Miller didn’t formally conduct until years later, when she got to the Oberlin Conservatory of Music. Only days into her arrival, she started choral and orchestral conducting as part of the curriculum. When she wasn’t in front of a group, she was studying at Oberlin’s College of Arts and Sciences, using classes in psychology, literature, religious studies and art history to broaden her understanding of music.

“I fell in love with the whole thing,” she said. “It just felt right. There were lots of nerds around just like me, and I’d never been in that kind of environment.”

But what didn’t specifically feel right as she progressed in the field—first at Oberlin, and then as a graduate student at Northwestern University—was the dearth of women behind the podium and in the programming she was hearing. 

When Miller moved to England in 1999, conductor Marin Alsop had just begun positions with the Royal Scottish National Orchestra and with the City of London Sinfonia. As she rose in prominence, Miller found that she too got a lot of interview requests centered around her gender. So she started thinking about how it affected her work—the jobs to which she applied, the jobs to which she was accepted, and the jobs she ended up not going for. She began answering as candidly as she could.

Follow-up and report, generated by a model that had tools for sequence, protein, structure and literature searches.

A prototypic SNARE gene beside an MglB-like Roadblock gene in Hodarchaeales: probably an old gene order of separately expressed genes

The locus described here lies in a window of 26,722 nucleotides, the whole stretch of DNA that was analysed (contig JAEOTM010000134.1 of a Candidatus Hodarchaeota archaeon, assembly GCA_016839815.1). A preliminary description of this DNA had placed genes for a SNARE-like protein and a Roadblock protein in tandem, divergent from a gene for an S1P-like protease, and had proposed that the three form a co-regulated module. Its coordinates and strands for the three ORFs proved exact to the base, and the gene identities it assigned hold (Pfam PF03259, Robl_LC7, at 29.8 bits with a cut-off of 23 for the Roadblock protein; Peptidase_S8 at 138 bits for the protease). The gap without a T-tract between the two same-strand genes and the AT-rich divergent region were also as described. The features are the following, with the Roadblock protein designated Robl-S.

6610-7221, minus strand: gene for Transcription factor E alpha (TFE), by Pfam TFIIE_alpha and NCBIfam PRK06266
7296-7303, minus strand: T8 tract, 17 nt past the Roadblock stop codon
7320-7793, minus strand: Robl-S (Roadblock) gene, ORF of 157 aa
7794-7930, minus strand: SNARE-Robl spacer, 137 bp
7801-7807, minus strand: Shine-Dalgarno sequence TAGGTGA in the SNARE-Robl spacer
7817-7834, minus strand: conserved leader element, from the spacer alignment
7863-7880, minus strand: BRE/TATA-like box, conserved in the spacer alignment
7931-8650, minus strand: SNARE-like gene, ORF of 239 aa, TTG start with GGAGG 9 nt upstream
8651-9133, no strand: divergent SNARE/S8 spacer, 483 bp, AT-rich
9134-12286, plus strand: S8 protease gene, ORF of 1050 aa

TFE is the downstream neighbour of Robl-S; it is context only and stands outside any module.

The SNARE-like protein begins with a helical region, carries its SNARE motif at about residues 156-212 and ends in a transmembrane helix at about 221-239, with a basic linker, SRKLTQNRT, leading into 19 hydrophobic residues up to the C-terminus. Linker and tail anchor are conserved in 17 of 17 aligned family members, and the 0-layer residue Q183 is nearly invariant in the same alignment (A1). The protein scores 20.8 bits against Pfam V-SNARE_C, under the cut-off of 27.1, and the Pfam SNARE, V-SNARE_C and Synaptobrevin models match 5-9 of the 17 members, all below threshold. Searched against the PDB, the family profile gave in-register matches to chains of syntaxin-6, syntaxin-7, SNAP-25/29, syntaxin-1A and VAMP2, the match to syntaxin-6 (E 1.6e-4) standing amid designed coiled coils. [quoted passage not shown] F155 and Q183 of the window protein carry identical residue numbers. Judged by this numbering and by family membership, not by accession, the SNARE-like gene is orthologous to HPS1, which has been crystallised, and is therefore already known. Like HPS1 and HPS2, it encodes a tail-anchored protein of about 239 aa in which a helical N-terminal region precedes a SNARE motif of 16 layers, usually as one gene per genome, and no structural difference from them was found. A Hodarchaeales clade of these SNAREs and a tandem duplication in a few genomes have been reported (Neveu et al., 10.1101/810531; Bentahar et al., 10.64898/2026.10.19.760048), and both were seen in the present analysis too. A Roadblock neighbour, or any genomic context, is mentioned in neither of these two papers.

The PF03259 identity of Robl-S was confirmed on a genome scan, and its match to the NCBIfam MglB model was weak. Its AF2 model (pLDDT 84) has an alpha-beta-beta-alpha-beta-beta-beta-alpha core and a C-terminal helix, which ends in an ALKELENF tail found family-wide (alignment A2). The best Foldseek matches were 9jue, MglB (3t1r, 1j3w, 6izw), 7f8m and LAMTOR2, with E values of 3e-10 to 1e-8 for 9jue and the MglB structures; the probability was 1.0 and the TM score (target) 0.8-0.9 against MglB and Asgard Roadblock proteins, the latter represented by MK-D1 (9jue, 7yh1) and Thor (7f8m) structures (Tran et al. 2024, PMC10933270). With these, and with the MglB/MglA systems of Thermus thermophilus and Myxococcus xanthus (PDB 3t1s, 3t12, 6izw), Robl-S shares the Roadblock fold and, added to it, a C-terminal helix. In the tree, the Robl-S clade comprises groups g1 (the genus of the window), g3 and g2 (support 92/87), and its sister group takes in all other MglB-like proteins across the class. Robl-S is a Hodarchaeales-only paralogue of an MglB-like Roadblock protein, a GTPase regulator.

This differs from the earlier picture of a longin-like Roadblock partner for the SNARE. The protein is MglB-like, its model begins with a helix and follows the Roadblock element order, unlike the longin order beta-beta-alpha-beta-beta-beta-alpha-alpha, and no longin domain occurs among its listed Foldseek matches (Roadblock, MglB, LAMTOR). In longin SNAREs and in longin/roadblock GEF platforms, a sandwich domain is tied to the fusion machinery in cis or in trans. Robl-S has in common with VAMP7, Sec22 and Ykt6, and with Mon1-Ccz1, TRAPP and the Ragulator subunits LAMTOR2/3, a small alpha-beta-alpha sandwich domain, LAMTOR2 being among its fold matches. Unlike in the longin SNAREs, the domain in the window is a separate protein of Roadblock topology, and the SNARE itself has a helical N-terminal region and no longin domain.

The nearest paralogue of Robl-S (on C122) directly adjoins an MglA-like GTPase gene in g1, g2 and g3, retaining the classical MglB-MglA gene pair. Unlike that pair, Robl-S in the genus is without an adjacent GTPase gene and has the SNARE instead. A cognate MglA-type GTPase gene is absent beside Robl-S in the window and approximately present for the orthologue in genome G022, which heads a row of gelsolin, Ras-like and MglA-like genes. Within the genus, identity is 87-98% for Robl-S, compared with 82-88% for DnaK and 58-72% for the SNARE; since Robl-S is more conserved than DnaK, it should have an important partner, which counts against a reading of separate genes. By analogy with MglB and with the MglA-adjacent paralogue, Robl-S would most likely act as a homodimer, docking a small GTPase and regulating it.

“Nobody wants to get an opportunity because of their gender or not get an opportunity because of their gender,” she said. “There are definitely opportunities that I have not gotten because of my gender, but I am completely happy with the fact that there are opportunities that I have achieved because of my gender. There are places that have hired me because I’m a woman. I’m fine with that, because those particular opportunities were all for the right reasons. And I feel I have as much quality to offer as anybody else.”

As she continued with her work, often traveling internationally to conduct, she watched the conversation on women in orchestras “go quiet”—for a while. She continued it in her own circles, bringing new names to her teaching and her concerts around Britain, the U.S., Israel and Mexico. As her husband, the pianist Danny Driver, added more women to his repertoire, she followed suit, agreeing that the talent pool was deep enough to start making a practice of it.  

And then in 2013, Miller watched as Alsop conducted the last night of the BBC Proms, and a chorus of detractors came out of the woodwork.

“There were all these statements made by conductors that women shouldn’t be on the podium,” she said. “Pretty terrible things that people said.”